Electricity Is Sexy Again

Electricity Is Sexy Again

You may have noticed that the way we travel from Point A to Point B is changing. And this is already impacting fossil fuels.

Last week, China said it’s working on a date to stop selling gas guzzlers entirely. It’s not alone in wanting to phase out vehicles that use gas and diesel. India, France, Britain and Norway are taking similar steps.

It’s a bold step forward. Especially because the biggest winners of the future … are rooted firmly in the past.

The real winners are making batteries or even the end-product, cars. Both are likely to become commoditized as competition and massive economies of scale win out. It always works that way.

But that’s the low-hanging fruit in the investment space. Investors should be thinking bigger, if they want to go for bigger gains …

Propulsion is changing. Fossil fuel is being replaced, albeit gradually, by electricity. And the production of electricity is a small, and surprisingly profitable, club.

It helps when profits are guaranteed and investments are often footed by rate-payers. It is no wonder utility companies are racing to grab as much of the pie as possible.

In California, three large public utilities companies are building 12,500 new electric-charging facilities. Unlike gas stations, they will put them in workplaces and apartment complexes, in addition to public spaces.

So far, the project has snagged $200 million in public funding. That is a drop in the bucket. They want $1 billion.

To get there, they are cozying up to environmentalists …

Max Baumhefner is a San Francisco attorney with the Natural Resources Defense Council. The primary goal of the group is to accelerate the electrification of the transportation system. He sees a common goal with public utilities companies.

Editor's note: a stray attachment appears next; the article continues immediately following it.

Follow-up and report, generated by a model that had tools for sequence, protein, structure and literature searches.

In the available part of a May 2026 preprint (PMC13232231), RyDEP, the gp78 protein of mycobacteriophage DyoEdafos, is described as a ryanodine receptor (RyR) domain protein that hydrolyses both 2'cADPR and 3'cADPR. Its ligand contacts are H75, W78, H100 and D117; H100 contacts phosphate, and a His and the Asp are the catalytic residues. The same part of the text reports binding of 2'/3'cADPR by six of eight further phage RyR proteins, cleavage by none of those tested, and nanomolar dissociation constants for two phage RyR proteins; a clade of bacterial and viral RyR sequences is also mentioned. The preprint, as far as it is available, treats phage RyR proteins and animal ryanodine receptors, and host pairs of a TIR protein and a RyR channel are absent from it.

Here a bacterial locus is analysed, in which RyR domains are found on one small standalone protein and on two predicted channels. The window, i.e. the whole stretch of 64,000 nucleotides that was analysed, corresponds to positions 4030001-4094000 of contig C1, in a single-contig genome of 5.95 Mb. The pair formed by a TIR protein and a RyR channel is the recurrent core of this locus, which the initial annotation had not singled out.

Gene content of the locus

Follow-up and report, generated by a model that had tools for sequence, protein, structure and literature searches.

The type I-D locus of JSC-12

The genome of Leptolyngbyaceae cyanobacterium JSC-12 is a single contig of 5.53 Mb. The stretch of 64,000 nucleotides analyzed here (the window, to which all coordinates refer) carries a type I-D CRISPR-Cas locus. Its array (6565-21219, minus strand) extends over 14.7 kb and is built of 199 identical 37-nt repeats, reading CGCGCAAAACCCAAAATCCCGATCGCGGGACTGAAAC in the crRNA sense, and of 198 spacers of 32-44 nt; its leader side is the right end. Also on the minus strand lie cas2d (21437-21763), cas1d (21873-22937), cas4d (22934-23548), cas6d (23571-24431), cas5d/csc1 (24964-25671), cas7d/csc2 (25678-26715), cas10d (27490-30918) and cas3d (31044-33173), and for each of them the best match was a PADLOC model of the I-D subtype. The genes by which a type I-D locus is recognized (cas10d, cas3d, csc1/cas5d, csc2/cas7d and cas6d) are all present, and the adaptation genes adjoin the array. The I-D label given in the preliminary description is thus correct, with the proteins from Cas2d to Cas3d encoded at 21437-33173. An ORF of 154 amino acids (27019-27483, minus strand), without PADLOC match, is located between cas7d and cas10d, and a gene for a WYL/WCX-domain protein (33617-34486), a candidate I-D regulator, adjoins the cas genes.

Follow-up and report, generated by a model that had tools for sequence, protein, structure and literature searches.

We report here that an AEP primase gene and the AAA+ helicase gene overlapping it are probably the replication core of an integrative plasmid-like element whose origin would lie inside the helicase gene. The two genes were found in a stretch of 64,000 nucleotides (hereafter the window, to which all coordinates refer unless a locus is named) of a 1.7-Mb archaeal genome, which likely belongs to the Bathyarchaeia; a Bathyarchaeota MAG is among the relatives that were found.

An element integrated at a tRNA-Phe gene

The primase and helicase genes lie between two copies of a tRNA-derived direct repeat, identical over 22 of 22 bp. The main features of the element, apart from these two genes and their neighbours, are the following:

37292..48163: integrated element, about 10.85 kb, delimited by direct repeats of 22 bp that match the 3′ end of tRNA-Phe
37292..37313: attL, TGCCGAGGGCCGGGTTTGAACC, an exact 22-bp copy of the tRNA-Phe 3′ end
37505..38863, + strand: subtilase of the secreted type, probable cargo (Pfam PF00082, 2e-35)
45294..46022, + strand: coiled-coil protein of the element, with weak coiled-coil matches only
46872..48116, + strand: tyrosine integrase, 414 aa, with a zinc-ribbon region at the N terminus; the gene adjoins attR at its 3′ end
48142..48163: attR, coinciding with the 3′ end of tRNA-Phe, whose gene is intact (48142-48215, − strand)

Utilities “all want to eat the oil industry’s lunch,” Baumhefner told the Huffington Post. “So we’re happy to show them the way to the buffet.”

Utilities companies want to eat the oil industry’s lunch.

Utilities are benefiting from private investment, too …

Electrify America is an LLC born out of the Volkswagen diesel emission test scandal. As part of the settlement with the federal government, the German automaker will invest $2 billion to fund an aggressive rollout of a nationwide electric charging network.

The first phase starts this year with 450 stations across 38 states. The cornerstone of the project is involvement with local power providers.

Even when utilities win private-sector partnerships, someone else picks up the tab.

Bloomberg New Energy Finance, an internal research division at Bloomberg, predicts electric vehicle sales could reach 41 million by 2040, based on 35% market share. While that number seems large now, it may be conservative, given recent announcements from carmakers.

Volvo is going electric right now. Volkswagen, Mercedes and others will ease in by 2030. Country-wide bans will only hasten the transition away from internal combustion engines.

It will lead to increased demand for electricity … and increased profits and earnings visibility for utility companies.

The stocks have already begun to perform. As a group, they are up 15% so far this year, with dividends. That’s about three percentage points better than the broader market. Over five years, the Exchange-Traded Fund SPDR Utilities (XLU) is up 81%, including dividends.

Fossil fuels are on the way out. There is also no doubt what industry will be the biggest beneficiary. The surprise is these stocks are hiding in plain sight. Some of the ones I like are NiSource (NI), Atmos Energy (ATO) and Eversource Energy (ES). They can be picked up on pullbacks.

Utilities offer virtually guaranteed profits and low risk. The time to begin investing in the future of propulsion is now.

Best wishes,

Jon Markman

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Comments 7

anthony barbuto September 17, 2017